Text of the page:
The world is mourning the death of one of the electronic music scene's beloved veterans today. Robert Miles, known to friends as Robert Concina, died today after a nine-month long battle with cancer before passing away today in Ibiza. Miles was best known for his contribution to the 90's trance scene, with his 1996 track "Children" that topped charts in 11 countries. A club hit and a chart-topping hit, "Children" had a philanthropic message to it as well. In a time when hard dance and trance music dominated the club scene, many clubgoers drove far distances to experience the scene and ended up being associated with a rise in accidents that occurred after these nights out. Whether under the influence of substance or of music, Miles's "Children" opened up a newer, lighter, "dream house" genre for DJs to cool down the night with.
Dream house's heyday may have been short lived, but its emotional connection to fans helped shape modern trance and progressive music. Being the closing track every night for many, "Children" went on to become a permanent fixture in dance music throughout the years, among the most recognizable melodies outside of "Sandstorm." The influence of "Children" is certainly not limited to fans, as we've seen it reimagined and covered countless times. In fact, we can nearly trace through all of house music's history looking at the various versions of "Children."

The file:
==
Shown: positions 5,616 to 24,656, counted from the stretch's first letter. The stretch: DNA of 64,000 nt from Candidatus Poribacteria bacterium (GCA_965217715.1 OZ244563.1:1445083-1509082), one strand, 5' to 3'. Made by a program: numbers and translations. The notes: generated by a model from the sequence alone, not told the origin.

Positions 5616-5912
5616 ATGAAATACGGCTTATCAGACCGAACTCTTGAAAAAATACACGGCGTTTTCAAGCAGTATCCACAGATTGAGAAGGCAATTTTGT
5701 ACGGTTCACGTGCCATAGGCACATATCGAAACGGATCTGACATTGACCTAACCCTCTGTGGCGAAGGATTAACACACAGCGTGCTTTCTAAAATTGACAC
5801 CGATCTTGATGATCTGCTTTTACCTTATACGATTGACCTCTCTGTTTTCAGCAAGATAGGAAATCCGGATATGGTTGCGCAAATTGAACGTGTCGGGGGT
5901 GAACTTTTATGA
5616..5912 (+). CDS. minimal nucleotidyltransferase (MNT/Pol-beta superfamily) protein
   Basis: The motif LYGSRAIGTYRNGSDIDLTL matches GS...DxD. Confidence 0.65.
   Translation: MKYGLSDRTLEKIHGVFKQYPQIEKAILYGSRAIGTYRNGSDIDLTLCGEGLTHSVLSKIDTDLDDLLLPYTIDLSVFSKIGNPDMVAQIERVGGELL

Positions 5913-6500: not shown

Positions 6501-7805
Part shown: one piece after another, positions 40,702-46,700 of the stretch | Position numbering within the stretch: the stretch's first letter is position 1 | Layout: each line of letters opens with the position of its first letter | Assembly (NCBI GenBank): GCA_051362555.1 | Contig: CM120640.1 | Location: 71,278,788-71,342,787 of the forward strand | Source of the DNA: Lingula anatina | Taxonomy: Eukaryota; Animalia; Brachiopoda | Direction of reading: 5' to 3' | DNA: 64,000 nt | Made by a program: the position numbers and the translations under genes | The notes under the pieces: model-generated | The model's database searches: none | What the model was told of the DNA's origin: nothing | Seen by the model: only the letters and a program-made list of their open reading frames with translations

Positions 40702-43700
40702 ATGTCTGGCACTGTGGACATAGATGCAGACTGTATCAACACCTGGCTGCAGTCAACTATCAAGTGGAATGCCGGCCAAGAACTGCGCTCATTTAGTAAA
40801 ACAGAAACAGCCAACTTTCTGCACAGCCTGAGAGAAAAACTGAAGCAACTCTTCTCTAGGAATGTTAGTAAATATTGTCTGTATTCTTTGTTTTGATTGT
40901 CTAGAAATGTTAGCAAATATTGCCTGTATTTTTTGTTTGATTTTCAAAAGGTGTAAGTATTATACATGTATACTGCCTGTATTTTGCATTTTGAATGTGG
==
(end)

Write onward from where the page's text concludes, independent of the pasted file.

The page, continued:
Just last week, Above & Beyond premiered a remake of "Children" done by new artist Vigil on their latest episode of Group Therapy radio. Miles himself had just recorded his last episode of his own radio show, Hypnotronik, at the end of April.
"Children" was the Essential Tune of the Week on Pete Tong's BBC Radio 1 Show nearly 3 weeks in a row at its debut in 1996. In 2016, 20 years later, Tong recruited The Heritage Orchestra to reimagine the tune as a part of his Classic House album.
Big Room's heyday
"Children" certainly did not escape house music's rise to the mainstream in the United States in the early 2010's. Ultra Music Festival favorites like Jack Holiday & Mike Candys' 2012 reimagining of the track brought the simplicity of uplifting big room together with those iconic keys. The flavorful mash ups that defined many DJ sets (and careers) didn't forget "Children," either, as The White Panda made sure of on one of their early mixtapes.
When dubstep was still a thing
While we've seen dubstep evolve, it might be labeled "dead" but its sounds are still out there. Of course not without "Children." The juxtaposition between harder music and the emotion of "Children" has stood up to house music's evolution of all kinds.
Dream house's root in emotion is not lost on its translation to hip hop. While different than its electronic counterparts, Tyga's "$timulated" samples "Children" and includes heated lyrics to bring a new kind of feeling out of the familiar piano.
Of course, the new trance
Connecting emotion and nostalgia with dance music that "Children" opened up for club goers is the legacy that lives on for Robert Miles. Trance artists carry that torch today, with producers like Sean Tyas making sure it's played live.